CONTINUITY AND TRANSFERABILITY Unlike other businesses that can be passed down from generation to generation or continue to exist long after the passage of its original board of directors, sole proprietorships have a limited life. As Brittin wrote, "a sole proprietorship can exist as long as its owner is alive and desires to continue the business. When the owner dies, the sole proprietorship no longer exists. The assets and liabilities of the business become part of the owner's estate."

A sole proprietor is free to sell all or a portion of his or her business to a buyer, but any transaction that transfers ownership or turns the business into one with two or more owners puts an end to the sole proprietorship that had been in existence.


Sole proprietorships often operate under the name of the owner of the business, but this is not a requirement. If the owner decides to select a fictitious name, however, he or she may be required to file a certificate explaining the arrangement in the region in which he or she is operating the business in question (this requirement also gives the sole proprietor legal protection, for it serves to protect them from other persons who might otherwise use the name for their own business enterprises). In addition, many states forbid business establishments from using words like "incorporated," "Co.," or "Inc." unless they actually qualify as corporations. Some cities and counties also require sole proprietorships to secure a business license before launching their business. Owners who subsequently change their business location or add new locations to their operation are often required to obtain new business licenses for those sites as well.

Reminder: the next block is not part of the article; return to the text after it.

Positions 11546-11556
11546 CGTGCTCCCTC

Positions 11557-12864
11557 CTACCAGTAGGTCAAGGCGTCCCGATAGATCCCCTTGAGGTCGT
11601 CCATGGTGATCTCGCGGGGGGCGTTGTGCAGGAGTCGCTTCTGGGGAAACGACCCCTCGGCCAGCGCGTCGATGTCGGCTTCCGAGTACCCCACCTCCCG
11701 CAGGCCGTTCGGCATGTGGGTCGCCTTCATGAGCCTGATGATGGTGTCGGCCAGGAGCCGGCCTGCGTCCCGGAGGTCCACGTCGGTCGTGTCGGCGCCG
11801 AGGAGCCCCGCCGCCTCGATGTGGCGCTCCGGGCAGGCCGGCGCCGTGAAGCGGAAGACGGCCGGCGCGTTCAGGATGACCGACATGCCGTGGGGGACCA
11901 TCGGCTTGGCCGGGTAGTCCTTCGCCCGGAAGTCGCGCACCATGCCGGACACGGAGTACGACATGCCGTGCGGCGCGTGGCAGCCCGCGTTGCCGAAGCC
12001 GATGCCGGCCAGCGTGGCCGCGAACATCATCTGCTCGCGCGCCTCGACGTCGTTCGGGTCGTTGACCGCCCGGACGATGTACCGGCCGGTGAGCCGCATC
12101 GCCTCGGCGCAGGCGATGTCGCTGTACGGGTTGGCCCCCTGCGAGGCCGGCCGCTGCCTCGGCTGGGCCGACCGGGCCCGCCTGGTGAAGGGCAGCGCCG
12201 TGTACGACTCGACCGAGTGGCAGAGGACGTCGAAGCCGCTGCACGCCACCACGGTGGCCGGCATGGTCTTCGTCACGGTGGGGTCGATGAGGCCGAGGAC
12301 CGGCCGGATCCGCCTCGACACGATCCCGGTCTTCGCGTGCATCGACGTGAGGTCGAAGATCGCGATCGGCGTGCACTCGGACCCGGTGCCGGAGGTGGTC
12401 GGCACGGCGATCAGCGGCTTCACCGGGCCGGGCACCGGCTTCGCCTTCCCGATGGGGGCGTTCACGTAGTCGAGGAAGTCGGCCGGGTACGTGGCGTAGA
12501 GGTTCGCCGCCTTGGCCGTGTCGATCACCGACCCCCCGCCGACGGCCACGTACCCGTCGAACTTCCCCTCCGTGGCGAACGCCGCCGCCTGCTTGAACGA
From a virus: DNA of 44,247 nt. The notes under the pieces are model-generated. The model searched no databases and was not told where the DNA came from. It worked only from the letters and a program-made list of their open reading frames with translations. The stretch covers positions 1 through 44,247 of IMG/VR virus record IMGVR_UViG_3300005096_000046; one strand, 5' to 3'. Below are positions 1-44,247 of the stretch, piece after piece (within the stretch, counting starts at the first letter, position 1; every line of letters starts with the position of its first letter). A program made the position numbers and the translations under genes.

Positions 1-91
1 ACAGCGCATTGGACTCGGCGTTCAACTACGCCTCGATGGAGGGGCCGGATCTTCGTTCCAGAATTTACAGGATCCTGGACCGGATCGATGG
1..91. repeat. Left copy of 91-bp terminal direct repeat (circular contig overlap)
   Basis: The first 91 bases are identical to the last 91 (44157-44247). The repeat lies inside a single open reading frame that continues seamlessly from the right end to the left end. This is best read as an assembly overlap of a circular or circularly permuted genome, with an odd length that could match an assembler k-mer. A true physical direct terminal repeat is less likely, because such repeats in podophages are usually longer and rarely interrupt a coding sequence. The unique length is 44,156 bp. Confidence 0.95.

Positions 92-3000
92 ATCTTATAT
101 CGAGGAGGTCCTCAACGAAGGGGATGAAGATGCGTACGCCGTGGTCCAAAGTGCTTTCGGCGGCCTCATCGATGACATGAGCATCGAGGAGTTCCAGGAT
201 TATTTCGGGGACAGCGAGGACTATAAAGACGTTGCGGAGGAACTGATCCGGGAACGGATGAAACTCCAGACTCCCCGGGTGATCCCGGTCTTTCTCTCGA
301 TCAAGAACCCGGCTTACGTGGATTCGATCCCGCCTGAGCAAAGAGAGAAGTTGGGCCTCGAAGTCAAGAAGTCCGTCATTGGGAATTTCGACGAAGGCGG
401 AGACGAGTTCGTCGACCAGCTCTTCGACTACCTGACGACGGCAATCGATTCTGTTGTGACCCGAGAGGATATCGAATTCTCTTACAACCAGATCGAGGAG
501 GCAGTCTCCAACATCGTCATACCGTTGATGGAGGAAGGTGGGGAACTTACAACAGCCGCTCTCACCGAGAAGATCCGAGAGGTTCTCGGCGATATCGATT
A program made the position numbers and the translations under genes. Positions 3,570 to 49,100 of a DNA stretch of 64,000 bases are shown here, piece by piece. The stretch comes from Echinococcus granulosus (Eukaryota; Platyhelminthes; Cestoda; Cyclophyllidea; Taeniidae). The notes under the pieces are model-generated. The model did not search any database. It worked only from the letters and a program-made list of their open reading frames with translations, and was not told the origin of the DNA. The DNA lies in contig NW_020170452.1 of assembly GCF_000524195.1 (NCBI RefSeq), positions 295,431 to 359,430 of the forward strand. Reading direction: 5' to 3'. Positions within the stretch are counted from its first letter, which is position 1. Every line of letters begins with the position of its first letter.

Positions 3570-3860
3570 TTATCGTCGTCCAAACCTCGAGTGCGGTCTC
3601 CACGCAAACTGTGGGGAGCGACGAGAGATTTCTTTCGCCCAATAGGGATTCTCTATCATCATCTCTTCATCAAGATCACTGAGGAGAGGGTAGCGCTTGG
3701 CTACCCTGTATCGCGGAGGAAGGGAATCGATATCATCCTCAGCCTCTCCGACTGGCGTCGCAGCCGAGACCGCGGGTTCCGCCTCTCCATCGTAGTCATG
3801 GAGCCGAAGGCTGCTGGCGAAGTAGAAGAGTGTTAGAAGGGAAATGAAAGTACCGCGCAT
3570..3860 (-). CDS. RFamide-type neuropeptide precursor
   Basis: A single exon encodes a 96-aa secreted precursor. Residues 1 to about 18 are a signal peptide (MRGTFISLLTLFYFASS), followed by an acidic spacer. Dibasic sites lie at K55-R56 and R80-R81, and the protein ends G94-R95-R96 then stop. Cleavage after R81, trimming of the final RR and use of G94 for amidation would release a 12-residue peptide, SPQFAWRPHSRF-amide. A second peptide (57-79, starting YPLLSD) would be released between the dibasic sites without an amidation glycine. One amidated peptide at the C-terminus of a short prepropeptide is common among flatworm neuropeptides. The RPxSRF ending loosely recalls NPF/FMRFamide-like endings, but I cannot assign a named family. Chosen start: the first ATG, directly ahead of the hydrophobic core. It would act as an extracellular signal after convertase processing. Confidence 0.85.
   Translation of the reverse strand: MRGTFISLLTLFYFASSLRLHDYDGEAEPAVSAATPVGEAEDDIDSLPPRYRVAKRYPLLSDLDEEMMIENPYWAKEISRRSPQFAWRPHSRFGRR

Many sole proprietorships also will need to obtain federal and state payroll ID numbers. These numbers are required for any businesses that will have employees or will do business with establishments that have employees. Finally, owners of sole proprietorships will, like all other business owners, have to obtain the appropriate operating licenses and certificates, if any, for the area in which they will be conducting business. Business licenses and zoning permits are among the types of licenses that are sometimes required. Once these few minor licensing issues have been addressed, the sole proprietor is free to conduct business.

Once a sole proprietorship has been established and proven viable, many business owners eventually choose to incorporate. Incorporation is both more expensive and more time-consuming than sole proprietorship, but it also affords the business owner considerably more legal protection from lawsuits and other liabilities than does sole proprietorship, and it also makes it easier to secure financing for business expansion.


Attard, Janet. The Home Office and Small Business Answer Book. Holt, 1993.

Brittin, Jocelyn West. Selecting the Legal Structure for Your Business. Small Business Administration, n.a.

The Entrepreneur Magazine Small Business Advisor. Wiley, 1995.

Fraser, Jill Andresky. "Perfect Form." Inc. December 1997.

Hawkins, Carole. "Beyond the Sole Proprietorship." Home Office Computing. March 2001.

How to Set Up Your Own Small Business. American Institute of Small Business, 1990.

Schneeman, Angela. The Law of Corporations, Partnerships, and Sole Proprietorships. West Legal Studies, 1996.

Sitarz, Daniel. Sole Proprietorship: Small Business Start-Up Kit. Nova, 2000.

SEE ALSO: Incorporation ; Partnership